The social cost of technology
This is my column today.
When people talk about how technology is reshaping the world and the way we live, the discussion most often centers on how technology has dramatically obliterated barriers of time and space. People talk about how technology has enabled us to communicate faster, process volumes of information quicker, even store, retrieve, and forward data in far more convenient ways than ever before.
The impact of technology on people and social structures is often glossed over.
For example, the emergence of e-mails and the widespread use of the Internet have spawned relational concepts such as e-mail etiquette and netizenship. Although most people have overcome the learning curve on appropriate use of emails, there are still those who annoy everyone else by continuing to forward all kinds of scams and chain e-mails, or using upper case letters, or generally displaying the virtual equivalent of boorish behavior.
One of my professional e-mail groups is both virtually and literally dead after it became victimized by flamebaiters who hijacked the forum and succeeded in sowing discord among its members. To this day, many members of the forum still havent been able to comprehend exactly what happened or have been able to accept that there are indeed many people in this world who use the Internet as outlet for their neurosis.
Technology will continue to redefine the way people relate and interact with each other and pave the way for even more complications. Thus, there is now a whole taxonomy of online behaviors complete with the appropriate labels and descriptions, from cyberbullying, to phishing, to flamebaiting, to trolling, etc.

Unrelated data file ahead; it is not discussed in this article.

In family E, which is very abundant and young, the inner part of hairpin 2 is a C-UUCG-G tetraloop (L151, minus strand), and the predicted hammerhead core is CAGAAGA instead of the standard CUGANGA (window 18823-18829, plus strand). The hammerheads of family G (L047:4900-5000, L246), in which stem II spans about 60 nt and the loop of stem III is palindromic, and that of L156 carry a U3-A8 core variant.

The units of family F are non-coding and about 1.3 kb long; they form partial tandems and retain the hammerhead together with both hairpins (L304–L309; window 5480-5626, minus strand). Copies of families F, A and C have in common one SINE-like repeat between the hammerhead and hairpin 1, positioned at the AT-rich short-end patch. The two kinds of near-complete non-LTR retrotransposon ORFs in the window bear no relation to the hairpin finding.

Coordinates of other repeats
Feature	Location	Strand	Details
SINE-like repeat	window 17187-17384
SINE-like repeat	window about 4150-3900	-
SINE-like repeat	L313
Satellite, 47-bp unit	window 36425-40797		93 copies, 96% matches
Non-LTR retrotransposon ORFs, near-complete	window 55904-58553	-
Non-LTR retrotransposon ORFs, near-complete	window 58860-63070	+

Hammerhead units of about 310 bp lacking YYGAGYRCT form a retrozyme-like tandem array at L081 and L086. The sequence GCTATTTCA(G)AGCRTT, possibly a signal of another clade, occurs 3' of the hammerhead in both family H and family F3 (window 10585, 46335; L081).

New technology also gives way to hybrid behaviors, which require new rules and new theories. It has been argued that there shouldnt be any differences in the way people relate to each other whether in person or online; that technology is simply a tool that we bend and adjust according to our needs and preferences. But like all other ideals, this is easier said than done. The reality is that technology is pushing the frontiers of ethics, ethical behavior, and even simple good manners and were really inventing the rules as we move along. There are no ready manuals to govern our conduct.
For example, one of the more contentious issues that people are still grappling with is the issue of privacy when using technology such as emails, the Internet, and even in social networking sites. Some companies have put in place what seem like comprehensive policies that seek to provide guidelines on employees use of company-sponsored technology. But even the most ironclad guidelines cannot legislate behavior and are therefore puny to the complexities of the human condition.
Theoretically, employees are not supposed to use company email or Internet facilities for personal purposes. However, the line that separate personal and business has always been inchoate. Everyone knows that everyone else uses company email and Internet facilities for personal purposes although admittedly in varying degrees and levels.
Is it okay for companies to use information and data culled from an employee's email account for disciplinary procedures against the employee? Can companies pick information from an employee's or for that matter, a job applicant's social networking site and use it in the employee discipline or in screening processes? Is it ethical to do so?